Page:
An aging workforce presents an employer with a number of unique challenges, including the potential for higher health care costs and increased chances for an employee to become ill or injured and require a disability leave.
And when you consider health issues common among older workers, you’re likely thinking about musculoskeletal issues or heart disease. But have you considered vision loss? Older workers could be affected by vision-related disabilities that arise later in life. When this is the case, how can you help accommodate them at work?
- Understand the common vision impairments associated with age.
- Cataracts: Cataracts occur due to clouding of the eye’s lens. It can result in cloudy or blurry vision, faded colors, double vision and poor night vision.1
- Glaucoma: Excess fluid builds up inside the eye and can damage the eye’s optic nerve. Vision loss due to glaucoma can happen quickly, but early treatment can protect against serious vision loss.2
- Macular degeneration: This disease causes dysfunction of the macula, which is the area in the center of the retina at the back of the eye and is responsible for making sharp, central vision possible. Symptoms include blurry, distorted or dark vision.3
- Review their functional abilities to determine the right accommodation.
When assisting an employee with vision loss, it’s important to connect with your disability carrier or other health-related program — such as an employee assistance program (EAP) — early on. From there, a consultant likely will schedule a low-vision assessment. This screening is professionally administered and can help determine which technologies or tools will be useful for that specific employee and his or her job function.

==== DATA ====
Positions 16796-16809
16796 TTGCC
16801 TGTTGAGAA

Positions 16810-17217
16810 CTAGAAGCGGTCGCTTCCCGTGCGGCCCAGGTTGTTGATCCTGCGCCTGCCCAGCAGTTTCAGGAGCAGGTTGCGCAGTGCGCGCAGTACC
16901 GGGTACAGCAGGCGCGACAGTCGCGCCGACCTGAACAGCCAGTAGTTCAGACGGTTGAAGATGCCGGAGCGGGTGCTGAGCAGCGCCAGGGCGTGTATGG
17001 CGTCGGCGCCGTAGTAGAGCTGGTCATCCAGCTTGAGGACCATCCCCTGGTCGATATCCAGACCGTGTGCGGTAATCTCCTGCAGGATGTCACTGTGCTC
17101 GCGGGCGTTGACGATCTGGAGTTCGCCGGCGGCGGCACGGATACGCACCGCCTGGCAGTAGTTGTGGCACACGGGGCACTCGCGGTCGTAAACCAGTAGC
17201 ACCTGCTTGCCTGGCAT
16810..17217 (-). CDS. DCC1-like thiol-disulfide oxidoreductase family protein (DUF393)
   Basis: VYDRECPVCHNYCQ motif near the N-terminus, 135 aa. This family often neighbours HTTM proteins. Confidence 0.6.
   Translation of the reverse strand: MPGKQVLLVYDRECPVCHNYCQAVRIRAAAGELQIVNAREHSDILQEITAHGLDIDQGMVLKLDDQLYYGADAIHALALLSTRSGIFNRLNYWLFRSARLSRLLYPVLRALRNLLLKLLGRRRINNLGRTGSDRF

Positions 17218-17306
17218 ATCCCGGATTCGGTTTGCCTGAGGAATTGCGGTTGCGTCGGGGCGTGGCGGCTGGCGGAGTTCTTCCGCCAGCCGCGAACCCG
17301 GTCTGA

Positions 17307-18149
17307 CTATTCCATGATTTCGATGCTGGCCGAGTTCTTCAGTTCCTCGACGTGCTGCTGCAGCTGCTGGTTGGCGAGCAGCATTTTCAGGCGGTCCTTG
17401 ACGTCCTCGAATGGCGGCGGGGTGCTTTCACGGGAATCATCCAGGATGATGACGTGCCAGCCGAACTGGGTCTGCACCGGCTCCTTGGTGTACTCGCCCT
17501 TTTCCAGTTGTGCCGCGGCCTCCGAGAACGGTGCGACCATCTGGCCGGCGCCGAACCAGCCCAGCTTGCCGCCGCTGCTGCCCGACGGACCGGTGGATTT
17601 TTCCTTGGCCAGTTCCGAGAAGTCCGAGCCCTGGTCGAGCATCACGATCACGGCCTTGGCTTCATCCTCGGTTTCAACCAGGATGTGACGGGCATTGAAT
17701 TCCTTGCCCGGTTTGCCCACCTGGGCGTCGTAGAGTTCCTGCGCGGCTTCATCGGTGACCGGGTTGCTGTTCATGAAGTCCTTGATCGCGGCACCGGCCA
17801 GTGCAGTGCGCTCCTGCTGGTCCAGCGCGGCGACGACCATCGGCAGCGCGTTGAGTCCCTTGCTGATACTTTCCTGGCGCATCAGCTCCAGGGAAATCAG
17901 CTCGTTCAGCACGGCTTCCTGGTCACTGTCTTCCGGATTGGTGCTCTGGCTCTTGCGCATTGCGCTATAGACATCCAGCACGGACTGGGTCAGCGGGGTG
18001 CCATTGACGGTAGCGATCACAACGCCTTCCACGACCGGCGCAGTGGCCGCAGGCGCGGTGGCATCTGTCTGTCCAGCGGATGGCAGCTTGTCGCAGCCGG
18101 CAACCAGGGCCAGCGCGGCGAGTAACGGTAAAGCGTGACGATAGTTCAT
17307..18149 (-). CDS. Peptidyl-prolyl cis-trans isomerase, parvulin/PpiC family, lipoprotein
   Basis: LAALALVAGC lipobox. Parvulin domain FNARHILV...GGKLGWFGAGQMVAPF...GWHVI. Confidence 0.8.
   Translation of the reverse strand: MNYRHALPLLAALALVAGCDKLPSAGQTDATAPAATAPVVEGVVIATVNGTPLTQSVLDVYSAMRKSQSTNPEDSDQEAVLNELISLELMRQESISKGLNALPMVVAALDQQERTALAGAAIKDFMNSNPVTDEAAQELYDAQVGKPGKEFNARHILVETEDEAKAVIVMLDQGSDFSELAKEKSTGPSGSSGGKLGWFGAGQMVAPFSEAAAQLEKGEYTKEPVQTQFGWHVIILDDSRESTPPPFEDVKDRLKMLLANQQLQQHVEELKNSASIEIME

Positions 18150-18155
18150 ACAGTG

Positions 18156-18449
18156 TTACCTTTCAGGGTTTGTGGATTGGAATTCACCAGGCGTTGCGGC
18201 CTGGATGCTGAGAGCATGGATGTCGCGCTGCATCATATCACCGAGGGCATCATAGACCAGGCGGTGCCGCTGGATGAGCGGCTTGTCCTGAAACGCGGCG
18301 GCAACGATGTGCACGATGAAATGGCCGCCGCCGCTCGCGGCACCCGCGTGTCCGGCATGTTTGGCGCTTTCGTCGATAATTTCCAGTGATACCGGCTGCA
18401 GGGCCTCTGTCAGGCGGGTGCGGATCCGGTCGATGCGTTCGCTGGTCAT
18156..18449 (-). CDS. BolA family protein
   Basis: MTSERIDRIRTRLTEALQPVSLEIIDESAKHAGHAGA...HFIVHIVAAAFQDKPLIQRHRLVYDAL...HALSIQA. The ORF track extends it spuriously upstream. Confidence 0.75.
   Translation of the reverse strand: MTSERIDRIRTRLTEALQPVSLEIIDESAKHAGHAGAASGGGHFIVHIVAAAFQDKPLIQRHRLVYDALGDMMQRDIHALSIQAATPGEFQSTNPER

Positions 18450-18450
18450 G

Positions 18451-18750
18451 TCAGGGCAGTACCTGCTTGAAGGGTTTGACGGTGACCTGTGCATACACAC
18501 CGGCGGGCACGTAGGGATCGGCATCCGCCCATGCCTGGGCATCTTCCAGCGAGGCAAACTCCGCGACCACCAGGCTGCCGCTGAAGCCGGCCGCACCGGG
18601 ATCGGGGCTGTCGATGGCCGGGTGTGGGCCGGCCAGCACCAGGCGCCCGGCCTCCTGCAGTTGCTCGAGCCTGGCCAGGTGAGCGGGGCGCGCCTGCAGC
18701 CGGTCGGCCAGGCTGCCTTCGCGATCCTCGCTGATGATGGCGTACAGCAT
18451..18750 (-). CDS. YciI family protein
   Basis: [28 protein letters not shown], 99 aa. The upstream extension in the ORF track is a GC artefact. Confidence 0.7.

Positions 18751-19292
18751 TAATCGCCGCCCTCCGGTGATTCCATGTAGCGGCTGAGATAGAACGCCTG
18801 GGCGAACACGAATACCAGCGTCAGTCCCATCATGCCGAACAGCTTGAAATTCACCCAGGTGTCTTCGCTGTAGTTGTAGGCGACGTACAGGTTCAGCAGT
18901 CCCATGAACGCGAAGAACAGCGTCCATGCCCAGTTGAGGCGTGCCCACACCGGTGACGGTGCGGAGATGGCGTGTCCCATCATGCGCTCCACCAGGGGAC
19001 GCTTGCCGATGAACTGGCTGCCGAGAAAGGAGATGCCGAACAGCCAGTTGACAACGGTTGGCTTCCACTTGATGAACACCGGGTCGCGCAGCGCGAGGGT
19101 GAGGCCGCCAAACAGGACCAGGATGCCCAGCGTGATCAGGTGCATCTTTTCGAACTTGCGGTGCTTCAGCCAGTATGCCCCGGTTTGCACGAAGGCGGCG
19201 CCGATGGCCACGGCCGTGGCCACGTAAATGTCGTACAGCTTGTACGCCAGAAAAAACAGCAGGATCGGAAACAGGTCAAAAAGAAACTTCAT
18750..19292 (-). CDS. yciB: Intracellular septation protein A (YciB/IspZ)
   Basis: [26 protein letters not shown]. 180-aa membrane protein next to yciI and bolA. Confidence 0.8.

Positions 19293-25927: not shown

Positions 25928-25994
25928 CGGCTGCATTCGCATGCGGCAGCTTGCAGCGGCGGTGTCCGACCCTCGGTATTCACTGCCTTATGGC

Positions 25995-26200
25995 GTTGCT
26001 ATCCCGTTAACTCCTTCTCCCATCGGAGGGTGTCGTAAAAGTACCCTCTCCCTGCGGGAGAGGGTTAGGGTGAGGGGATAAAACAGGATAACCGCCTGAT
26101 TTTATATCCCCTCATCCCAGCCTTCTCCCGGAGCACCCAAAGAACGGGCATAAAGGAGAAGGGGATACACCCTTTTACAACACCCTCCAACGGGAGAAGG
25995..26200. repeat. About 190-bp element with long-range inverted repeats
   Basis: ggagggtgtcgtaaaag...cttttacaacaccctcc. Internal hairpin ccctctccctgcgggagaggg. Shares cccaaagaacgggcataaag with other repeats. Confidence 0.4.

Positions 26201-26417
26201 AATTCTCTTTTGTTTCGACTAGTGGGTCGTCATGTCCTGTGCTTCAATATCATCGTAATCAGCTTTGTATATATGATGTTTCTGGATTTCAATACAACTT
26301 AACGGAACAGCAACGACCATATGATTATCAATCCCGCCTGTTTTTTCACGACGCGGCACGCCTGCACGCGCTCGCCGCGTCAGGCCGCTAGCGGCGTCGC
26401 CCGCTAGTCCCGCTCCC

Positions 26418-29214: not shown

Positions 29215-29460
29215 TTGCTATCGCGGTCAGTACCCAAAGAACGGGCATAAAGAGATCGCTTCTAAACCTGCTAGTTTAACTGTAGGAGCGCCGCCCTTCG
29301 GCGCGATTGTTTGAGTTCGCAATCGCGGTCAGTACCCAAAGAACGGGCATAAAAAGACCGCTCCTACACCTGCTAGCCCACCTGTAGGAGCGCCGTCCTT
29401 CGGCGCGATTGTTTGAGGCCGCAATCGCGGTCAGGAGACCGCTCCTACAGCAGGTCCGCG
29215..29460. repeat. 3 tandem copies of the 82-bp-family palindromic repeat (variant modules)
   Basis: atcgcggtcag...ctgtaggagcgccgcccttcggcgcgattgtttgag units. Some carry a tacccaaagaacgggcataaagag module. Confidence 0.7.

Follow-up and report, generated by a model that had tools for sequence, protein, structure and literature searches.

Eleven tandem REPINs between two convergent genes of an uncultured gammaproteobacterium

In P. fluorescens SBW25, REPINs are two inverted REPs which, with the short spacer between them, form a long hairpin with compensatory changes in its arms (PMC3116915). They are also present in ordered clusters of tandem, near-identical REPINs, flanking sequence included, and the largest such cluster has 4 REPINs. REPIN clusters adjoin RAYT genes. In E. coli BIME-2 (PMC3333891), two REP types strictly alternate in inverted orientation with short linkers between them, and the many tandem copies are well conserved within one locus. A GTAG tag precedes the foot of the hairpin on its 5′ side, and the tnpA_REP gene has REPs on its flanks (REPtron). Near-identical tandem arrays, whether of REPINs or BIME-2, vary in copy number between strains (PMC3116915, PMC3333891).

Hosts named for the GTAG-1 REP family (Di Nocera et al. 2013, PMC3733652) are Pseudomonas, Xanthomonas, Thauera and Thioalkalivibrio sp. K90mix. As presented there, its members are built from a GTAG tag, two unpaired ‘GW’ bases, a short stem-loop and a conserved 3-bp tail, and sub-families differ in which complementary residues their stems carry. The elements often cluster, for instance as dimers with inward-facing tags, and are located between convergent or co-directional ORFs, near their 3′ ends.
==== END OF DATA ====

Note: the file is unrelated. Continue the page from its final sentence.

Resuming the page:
The assessment likely will include an eye examination as well as a visual performance review, which assesses the ability to focus upon an object with both eyes, face and object recognition, reading ability, color vision and more. Then, accommodations can be recommended. These accommodations may include any number of helpful tools, including bigger computer screens and magnification software, portable electronic magnifiers or closed-circuit television (CCTV) technology — a device that uses a camera to project enlarged images of documents onto a screen. Keep in mind that some of these conditions can be progressive, and this should be taken into account when determining the correct accommodation.
Of course, these accommodations will vary because each situation, job function and individual is unique. Keep the lines of communication open with your aging workforce to help them understand retirement is not the only option when vision issues present themselves.
1Minority Women’s Health: Glaucoma and cataracts. The Office on Women’s Health website. http://www.womenshealth.gov/minority-health/african-americans/glaucoma-cataracts.html. Updated May 18, 2010. Accessed December 17, 2014.
2Common Eye Disorders. Centers for Disease Control and Prevention website. http://www.cdc.gov/visionhealth/basic_information/eye_disorders.htm. Updated April 23, 2013. Accessed December 17, 2014.
3Facts About Age-Related Macular Degeneration. National Eye Institute website. https://nei.nih.gov/health/maculardegen/armd_facts. Updated July 2013. Accessed December 17, 2014.
|About guest blogger Julie Sliga
Julie Sliga is a vocational case manager with Standard Insurance Company, specializing in blindness and vision loss. In her role, Julie helps employees with vision-related disability claims stay at work or return to work by identifying transferable skills, recommending alternate occupations and modifying worksite locations. Julie holds a master’s degree in vocational rehabilitation counseling from the University of Wisconsin – Stout.